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Baltimore National Heritage Area

Since its founding in 1729, Baltimore has played a key role in creating the American identity. Explore its inspiring history shaped by centuries of innovation, extraordinary sights, and a truly diverse culture. Discover the people and places that make Baltimore an unforgettable American city. With outstanding architecture, scenic parks, fascinating historic sites, and world-class museums, Baltimore has everything to offer visitors. Urban heritage trails wind through historic neighborhoods and make a pleasant afternoon excursion. Museums cater to every whim, from Civil War history buffs to kids who want to explore the wonders of science. The collection of virtual itineraries provides a great way to begin your Baltimore journey. Expand your visit with a drive along one of several scenic byways and national historic trails that wind through the city, or take a break and wind down in one of the city’s great parks.  

It is without question that the City of Baltimore was built by generations of African Americans. From Baltimore’s earliest days as a small port in Colonial Maryland, black hands—free and enslaved—laid the building foundations and built the ship keels that would make the city a center of commerce and culture on the Chesapeake Bay. Subsequent generations endured the horrors of war, celebrated the establishment of churches and esteemed civic organizations, created wondrous works of art, and fought for equality and freedom for all. Today these contributions to the city and the nation are commemorated by a constellation of world-class museums, renowned institutions, and thoughtful and moving monuments, statues, and sculptures.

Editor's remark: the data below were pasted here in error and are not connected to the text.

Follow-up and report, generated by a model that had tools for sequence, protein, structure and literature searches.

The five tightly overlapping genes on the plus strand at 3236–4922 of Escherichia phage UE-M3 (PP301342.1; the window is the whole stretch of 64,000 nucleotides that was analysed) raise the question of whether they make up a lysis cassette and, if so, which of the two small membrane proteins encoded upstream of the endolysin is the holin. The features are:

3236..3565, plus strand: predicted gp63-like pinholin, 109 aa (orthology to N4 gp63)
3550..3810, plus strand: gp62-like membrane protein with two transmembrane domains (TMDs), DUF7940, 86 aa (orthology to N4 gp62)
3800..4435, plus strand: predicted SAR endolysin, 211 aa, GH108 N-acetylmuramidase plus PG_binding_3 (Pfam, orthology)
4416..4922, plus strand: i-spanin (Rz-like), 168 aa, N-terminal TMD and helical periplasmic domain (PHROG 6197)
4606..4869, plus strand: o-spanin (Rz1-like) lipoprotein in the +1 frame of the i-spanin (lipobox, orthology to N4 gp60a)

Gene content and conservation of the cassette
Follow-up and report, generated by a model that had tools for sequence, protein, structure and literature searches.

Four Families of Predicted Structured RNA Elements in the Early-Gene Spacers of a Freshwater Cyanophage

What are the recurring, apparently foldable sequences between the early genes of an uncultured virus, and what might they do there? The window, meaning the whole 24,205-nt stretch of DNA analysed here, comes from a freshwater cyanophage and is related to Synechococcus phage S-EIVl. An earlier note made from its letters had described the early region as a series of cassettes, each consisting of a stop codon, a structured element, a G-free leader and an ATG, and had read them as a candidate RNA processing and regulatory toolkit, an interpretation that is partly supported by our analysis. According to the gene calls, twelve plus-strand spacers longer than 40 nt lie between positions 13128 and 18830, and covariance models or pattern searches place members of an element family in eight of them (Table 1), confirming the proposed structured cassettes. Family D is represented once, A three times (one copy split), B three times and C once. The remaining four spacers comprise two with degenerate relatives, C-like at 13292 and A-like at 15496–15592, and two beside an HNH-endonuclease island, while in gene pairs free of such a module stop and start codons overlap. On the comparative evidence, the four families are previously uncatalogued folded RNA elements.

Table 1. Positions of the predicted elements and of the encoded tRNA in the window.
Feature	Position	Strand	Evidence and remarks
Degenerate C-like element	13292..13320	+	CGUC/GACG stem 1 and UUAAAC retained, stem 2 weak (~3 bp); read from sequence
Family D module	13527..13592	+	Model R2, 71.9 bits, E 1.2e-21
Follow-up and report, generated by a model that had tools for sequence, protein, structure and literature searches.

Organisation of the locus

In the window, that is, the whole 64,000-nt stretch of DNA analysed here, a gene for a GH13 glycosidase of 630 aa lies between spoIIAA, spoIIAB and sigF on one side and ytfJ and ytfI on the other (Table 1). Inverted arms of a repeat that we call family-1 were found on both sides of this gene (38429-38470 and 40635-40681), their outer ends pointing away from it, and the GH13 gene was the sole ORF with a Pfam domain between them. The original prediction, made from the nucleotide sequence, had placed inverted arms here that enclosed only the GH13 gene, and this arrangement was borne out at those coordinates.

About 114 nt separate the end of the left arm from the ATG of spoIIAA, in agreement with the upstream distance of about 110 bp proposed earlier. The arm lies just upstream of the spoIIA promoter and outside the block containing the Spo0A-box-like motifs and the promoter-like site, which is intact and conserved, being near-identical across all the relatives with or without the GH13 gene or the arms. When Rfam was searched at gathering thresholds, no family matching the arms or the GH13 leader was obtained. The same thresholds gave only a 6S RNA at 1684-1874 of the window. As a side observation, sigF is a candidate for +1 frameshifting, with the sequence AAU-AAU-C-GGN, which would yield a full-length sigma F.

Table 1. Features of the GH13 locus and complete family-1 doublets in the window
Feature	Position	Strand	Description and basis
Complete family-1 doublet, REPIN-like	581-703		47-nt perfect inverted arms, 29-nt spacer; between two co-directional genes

For a brief few days in September 1814, the fate of the young United States hung in the balance. With the U.S. capital still smoldering from attack, British forces focused on Baltimore to complete their campaign to end the War of 1812. In three weeks, Baltimore readied for the attack – building defensive lines and readying the chain of forts protecting the city.

The British launched two attacks. Ground forces landed at nearby North Point to assault the city from the east while the navy moved to engage Fort McHenry protecting the heart of the city. After two days of fighting, it was clear the defenders of Baltimore proved victorious. As the British forces retreated, the Star-Spangled Banner rose above Fort McHenry and inspired Francis Scott Key to put to words the emotions and passions of a triumphant young nation.

While much has changed in the 200 years since the perilous battle, the Baltimore region proudly boasts of a wealth of historic sites and neighborhoods that tell the story of the War of 1812 and the national icons now woven into our shared history.

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Last updated: May 31, 2015
Star Spangled Banner Trail
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